File this under things you never thought you’d read: There is a bright side to bloating. You can get rid of it. While it’s easy to sit back and complain about it, there are some things you can do to nix the problem for yourself. While avoiding things that cause it can help (like ditching soda or lowering your sodium intake), there are a few other tricks out there. Here, two nutrition experts gave us the lowdown on a few of the best and the easiest ways to de-bloat.
Chew on Celery
Nutritionist and founder of NAO Nutrition Nikki Ostrower says this veggie effective as both a diuretic, a laxative, and even relieves liver congestion. Drank too many beers at happy hour? She even says it’s great for bloating from hangovers. You can chow down on it with peanut butter, or add it into a smoothie with some of the other de-boating foods below.
Cut Up Some Cucumbers and Carrots
“Carrots are diuretic and help prevent constipation,” explains Ostrower. “[They are] helpful for purifying blood and treating indigestion/bloat. Carrot juice is excellent for liver cleansing and rejuvenation. Cucumbers are also a diuretic,” she says. Her suggestion? “Use a juicer to juice a combination of celery, carrot, parsley, cucumber. Drink 1-2 cups per day.”
For lunch, you could also opt for a salad of romaine letter and filled with sliced cucumbers and shredded carrots, she notes.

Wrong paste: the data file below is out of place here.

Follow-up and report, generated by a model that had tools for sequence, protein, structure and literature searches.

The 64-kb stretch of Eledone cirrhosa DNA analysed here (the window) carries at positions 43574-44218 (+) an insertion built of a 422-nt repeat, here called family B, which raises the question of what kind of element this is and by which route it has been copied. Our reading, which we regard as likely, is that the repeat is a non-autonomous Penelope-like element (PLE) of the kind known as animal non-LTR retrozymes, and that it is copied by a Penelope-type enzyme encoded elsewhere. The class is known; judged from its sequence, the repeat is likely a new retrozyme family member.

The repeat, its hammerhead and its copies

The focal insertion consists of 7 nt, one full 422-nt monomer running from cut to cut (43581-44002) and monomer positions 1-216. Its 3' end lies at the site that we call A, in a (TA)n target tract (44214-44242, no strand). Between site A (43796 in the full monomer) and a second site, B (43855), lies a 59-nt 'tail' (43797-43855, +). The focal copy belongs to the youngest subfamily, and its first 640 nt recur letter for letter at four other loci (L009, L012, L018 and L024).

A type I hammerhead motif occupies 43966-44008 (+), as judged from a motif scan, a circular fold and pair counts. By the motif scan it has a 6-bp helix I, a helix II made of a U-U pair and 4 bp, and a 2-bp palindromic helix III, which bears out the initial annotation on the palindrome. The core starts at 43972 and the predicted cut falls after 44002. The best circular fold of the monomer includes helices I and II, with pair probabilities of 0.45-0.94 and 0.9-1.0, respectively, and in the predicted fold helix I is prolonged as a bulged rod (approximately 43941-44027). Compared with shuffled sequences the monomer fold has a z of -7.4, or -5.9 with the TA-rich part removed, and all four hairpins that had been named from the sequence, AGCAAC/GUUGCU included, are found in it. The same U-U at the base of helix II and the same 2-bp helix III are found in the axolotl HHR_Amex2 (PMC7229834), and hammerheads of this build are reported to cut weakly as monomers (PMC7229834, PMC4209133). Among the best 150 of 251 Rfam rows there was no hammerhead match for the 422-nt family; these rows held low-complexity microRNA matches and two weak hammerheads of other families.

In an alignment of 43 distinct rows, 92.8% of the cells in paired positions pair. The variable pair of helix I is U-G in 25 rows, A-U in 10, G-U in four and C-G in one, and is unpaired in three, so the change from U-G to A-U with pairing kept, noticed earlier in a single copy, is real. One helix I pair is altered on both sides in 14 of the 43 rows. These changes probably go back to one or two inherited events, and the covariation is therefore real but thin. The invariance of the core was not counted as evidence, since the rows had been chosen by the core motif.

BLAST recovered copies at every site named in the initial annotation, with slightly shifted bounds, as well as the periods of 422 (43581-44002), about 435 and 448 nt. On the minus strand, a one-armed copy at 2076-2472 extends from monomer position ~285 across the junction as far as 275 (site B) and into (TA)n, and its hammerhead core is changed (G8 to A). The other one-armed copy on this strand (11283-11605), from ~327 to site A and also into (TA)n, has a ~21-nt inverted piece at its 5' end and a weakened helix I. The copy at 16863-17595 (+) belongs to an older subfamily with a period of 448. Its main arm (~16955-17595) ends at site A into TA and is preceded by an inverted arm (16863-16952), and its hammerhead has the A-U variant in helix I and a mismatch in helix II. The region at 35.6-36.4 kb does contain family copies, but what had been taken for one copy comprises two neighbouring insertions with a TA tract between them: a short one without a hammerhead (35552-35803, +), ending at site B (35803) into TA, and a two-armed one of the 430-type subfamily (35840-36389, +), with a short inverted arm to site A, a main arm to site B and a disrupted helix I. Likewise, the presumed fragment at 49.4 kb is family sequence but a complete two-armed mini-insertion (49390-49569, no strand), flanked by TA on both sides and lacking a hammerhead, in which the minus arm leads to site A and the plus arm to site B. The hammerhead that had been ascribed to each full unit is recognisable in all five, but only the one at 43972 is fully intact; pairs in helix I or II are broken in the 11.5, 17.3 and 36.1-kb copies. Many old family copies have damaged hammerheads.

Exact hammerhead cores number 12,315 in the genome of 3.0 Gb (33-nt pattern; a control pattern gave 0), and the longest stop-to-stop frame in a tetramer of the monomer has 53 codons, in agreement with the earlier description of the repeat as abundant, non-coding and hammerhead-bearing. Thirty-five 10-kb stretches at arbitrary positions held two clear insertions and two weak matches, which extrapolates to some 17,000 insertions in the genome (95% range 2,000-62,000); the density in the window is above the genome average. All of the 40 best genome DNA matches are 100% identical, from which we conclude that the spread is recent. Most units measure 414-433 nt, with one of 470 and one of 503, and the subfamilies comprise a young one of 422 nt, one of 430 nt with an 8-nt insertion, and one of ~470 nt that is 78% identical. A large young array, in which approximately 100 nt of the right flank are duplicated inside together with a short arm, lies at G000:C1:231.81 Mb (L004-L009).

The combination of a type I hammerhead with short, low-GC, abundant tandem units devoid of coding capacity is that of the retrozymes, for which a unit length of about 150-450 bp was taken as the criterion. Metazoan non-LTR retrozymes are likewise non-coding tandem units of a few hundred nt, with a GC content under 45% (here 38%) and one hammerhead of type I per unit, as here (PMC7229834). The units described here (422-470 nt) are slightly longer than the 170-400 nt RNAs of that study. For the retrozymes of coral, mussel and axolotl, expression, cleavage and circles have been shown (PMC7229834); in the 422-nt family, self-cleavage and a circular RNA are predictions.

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Pour Yourself a Cup of Tea
Paula Simpson, a Holistic Beauty Nutritionist and the Co-Founder of Zea Skin Solutions, recommends drinking herbal teas like peppermint, ginger, and even dandelion after and between meals to support digestion and reduce bloating. She says that peppermint, specifically, is a natural digestive enzyme-rich food.
Pick Up Prebiotics.
These will help you give your stomach some TLC. “Detoxify and rebalance gut flora with prebiotic rich foods such as dandelion greens, asparagus, artichokes, leeks, apples,” says Simpson.
Eat Asparagus Root
Not only is asparagus rich in prebiotics, but Ostrower says it can ease constipation, soothes bloating, reduces phlegm and mucus, and is even useful for kidney problems. “Cut off tough ends and cut into 1-inch pieces,” says Ostrower on how to prepare it. “Put 1-2 cups water into skillet. Boil water. Add asparagus and cook for 2-3 minutes, until tender and bright green. Or, place on baking sheet, sprinkle with salt and 1 tablespoon olive oil. Use fingers to coat asparagus with oil. Roast at 350 for 15-20 minutes, or until tender and slightly browned. Try to eat ½ bunch asparagus per day.”
Eat Smaller Meals
So this is a little obvious, but to avoid the type of bloat you deal with post Thanksgiving dinner, Simpson says that smaller “more frequent” meals can help prevent those bloating symptoms. Another key trick? “Limiting spicy, fried, or fatty foods may also reduce the risk of indigestion,” she adds.